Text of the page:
OCZ HydroFlow HF-MK1 CPU Waterblock
Author: Zahn Funk
Editor: Shawn Knight
Date: 11-16-2008
Provided by: OCZ Technology

I will be using the OCZ Hydroflow on my Phenom 9850 quad core processor, so I reassembled the block using the AMD top bracket making sure to orient the base pin pattern correctly for proper flow. The 3/8" barbs were installed to match the rest of my other water cooling hardware. As I was laying out the remaining components and reviewing the instructions I came across a problem. The updated AMD guide insert instructs the use of four special spacer washers on the reverse side of the motherboard, however these washers do not fit over the base of the standoffs. And the other set of standoffs, intended for Intel installations, are not long enough to secure the backplate to the motherboard.

OCZ includes twelve of the paper washers, which are intended to be used on the top of the motherboard, so I opted to double up the unused ones on the under side. This complicates the process of trying to get both washers over the threads while inserting the standoff through the motherboard hole and holding the backplate in place at the same time. And as I came to find out, they are completely unnecessary since the unthreaded portion of the standoffs prevents them from being overtightened anyway. I suspect that OCZ may have originally manufactured a standoff with a much longer threaded section, thus requiring the spacer washer and guide page update, but then had new standoffs made to work without the spacer. In any case, I did get the backplate on and ready for installation of the block.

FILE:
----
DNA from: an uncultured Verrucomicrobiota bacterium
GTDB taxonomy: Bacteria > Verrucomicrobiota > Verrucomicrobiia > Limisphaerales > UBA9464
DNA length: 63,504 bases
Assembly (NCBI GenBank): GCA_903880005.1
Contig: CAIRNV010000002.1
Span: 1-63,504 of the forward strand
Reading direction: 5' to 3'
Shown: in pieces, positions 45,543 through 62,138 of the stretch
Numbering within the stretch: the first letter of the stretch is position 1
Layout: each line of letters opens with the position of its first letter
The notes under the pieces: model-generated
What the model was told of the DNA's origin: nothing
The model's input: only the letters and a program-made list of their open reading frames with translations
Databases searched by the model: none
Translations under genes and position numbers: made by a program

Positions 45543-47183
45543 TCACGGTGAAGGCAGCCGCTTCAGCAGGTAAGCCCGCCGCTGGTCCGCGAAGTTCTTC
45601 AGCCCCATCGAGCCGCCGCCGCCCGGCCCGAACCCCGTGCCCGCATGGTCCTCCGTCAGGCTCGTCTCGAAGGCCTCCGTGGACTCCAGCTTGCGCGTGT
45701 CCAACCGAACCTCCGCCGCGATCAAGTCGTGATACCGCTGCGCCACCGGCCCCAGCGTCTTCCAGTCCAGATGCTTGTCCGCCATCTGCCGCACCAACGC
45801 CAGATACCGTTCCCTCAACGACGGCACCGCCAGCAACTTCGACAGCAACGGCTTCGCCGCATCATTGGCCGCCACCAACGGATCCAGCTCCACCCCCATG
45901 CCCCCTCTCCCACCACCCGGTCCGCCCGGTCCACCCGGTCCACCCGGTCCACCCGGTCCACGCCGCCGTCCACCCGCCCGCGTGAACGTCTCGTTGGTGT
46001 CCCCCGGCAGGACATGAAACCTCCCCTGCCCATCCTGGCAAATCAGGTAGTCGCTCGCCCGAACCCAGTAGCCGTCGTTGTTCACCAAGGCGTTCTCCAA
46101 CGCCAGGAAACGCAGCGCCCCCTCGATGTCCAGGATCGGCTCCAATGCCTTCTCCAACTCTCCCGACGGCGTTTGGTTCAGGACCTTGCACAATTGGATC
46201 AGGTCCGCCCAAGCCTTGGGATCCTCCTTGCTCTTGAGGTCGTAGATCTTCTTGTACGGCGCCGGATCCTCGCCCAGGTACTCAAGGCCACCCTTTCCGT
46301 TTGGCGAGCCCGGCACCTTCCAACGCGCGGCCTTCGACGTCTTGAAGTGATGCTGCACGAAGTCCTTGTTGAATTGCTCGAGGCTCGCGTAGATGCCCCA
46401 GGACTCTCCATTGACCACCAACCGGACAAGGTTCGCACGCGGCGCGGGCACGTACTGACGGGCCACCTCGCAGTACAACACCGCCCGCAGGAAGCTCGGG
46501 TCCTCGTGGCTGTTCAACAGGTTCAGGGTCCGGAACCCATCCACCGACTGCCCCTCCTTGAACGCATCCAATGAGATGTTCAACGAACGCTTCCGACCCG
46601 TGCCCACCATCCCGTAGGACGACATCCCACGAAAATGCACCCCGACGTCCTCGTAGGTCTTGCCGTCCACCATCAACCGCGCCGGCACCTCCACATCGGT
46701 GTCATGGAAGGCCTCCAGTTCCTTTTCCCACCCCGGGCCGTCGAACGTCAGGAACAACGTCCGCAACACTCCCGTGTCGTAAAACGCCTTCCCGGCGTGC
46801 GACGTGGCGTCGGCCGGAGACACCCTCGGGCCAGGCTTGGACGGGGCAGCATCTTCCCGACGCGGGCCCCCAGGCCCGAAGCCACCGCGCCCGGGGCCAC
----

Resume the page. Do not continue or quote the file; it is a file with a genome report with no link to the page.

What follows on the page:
Of course it is always recommended that any time liquid cooling components are assembled you perform a leak test prior to putting them to use on a live system. In this case I've put the HydroFlow block in my water cooling loop with a Swiftech MCR220 radiator and MCP350-based pump with nominal discharge of ~116gph. Tubing and barbs are 3/8" throughout the system. One item noticeably absent from OCZ's HydroFlow bundle are clamps, although as shown, zip ties make for an effective alternative. The spring-loaded thumbscrews apply the correct amount of tension on the CPU without danger of overtightening.

Let's perform some testing and conclude this review.

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